Ivan Pillipiw, the eldest son of Hawrylo Pylypiwsky, spent most of his early years in Nebyliv, working on the family farm. Unfortunately not much is known or has been recorded about his youth in Ukraine except that he may have worked as a logger. After spending a few months in Canada he returned to his homeland in 1892 with the intention of bringing over to Canada his family for permanent settlement. Upon his return to Galicia, Pylypiw convinced six families from his home village of Nebyliw to move to Canada. Consequently, in 1892, the so-called Nebyliw Group established the first permanent Ukrainian settlement in Canada in the locality of Edna-Star, near Edmonton in present-day Alberta.

He returned to Canada on the S.S. Laurentian, landing at Quebec in May 1893 with his family and soon after filed his application for homestead in the Bruderheim district. However, he eventually cancelled it in favour of a new spot near the Edna settlement. His new application for a homestead in Edna was granted in 1894 and that is where he established his family homestead and lived out the rest of his life. He died in an accident in 1936 and was buried at Chipman, Alberta. His farmhouse has been designated an historic building and now resides at the Ukrainian Cultural Heritage Village, located east of Edmonton.


More followed in the next few years; but immigration did not begin in earnest until 1896, after Dr. Joseph Oleskow, an agriculturist from Galicia, had visited Western Canada and had personally confirmed that homesteading could be successfully carried on. The immigrants came as families and settled in colonies in the treed areas of what are now the Prairie Provinces - on land that was not always good -and quickly earned a reputation for perseverance and hard work. Place names like "Ukraina" and "Komarno", school names like "Shevchenko" and "Slawa" and post office names like "Mazeppa" and "Sich" attest to the establishment of such settlements.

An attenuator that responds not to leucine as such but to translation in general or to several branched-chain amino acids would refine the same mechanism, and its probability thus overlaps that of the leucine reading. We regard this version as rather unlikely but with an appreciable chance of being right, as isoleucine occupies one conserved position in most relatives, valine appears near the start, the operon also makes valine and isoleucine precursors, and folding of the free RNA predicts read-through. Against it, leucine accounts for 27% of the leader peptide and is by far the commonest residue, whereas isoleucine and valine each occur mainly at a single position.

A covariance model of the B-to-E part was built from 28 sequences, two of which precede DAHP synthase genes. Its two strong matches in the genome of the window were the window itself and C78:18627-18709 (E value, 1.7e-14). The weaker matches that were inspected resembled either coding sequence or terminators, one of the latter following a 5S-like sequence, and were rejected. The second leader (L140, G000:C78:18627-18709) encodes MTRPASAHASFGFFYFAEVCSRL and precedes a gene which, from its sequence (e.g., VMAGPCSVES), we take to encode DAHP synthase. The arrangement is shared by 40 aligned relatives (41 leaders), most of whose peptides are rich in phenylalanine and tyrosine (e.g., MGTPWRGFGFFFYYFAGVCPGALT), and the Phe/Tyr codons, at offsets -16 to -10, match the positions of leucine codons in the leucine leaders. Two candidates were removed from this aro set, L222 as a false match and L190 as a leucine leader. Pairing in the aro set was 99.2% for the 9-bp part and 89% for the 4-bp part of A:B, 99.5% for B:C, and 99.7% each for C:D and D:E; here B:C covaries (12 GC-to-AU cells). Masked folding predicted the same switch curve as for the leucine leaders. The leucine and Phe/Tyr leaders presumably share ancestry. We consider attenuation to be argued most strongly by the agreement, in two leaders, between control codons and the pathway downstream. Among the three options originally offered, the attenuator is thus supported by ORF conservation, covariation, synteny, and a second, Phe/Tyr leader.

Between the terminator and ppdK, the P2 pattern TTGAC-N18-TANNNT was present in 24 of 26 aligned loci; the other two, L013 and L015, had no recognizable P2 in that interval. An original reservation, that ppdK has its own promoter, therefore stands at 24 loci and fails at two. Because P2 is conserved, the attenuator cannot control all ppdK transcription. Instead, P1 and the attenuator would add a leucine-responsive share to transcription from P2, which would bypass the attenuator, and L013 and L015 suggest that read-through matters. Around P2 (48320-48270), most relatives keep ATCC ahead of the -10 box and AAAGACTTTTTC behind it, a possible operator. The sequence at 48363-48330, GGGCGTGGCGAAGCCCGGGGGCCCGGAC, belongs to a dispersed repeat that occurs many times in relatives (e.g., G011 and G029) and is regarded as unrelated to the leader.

Among the newcomers was a handful of informed individuals with liberal views who had taken part in reform movements at home. There were also a few descendants from the landed though impoverished gentry. Together they provided the immigrants, who were mostly illiterate and lacking in national awareness, the first leadership in educational, community and religious affairs.

Although the Ukrainian immigration was small compared to the total immigration to Canada at that time, it was confined to the Prairie region and to a narrow and fairly homogeneous agricultural belt within that region. The Prairies required settlers to pioneer and to endure hardships and the Ukrainians were able to meet this need well. Accordingly it can be said that the Ukrainians contributed more to the opening up of the Prairies than their numbers alone would indicate.

Settlement on farms in closely-knit groups greatly influenced Ukrainian development. Nearness to each other gave them security in a strange land and Canada's democratic ways provided an opportunity to use their language and practise their old-country traditions without hindrance from their non-Ukrainian neighbours. The pioneer society around them was on much the same footing as theirs; preoccupied with the problems of existence in a new and harsh land, it accepted people at their face value and cared little about its neighbour’s peculiar ways.

With opportunities for expression not available before, and with leadership provided by their few intellectuals, the Ukrainians began to develop an awareness of themselves as a separate group and to take an interest outside their farming occupation. Early in their settlement, "Prosvitas" or local reading rooms and "National Homes” or community centres were started, and several Ukrainian newspapers. The settlers began to send their young people to schools, and though much of the training was elementary, it was more than they had been able to obtain themselves; a few trained as teachers and became the first professionals of Ukrainian origin to be educated in Canada.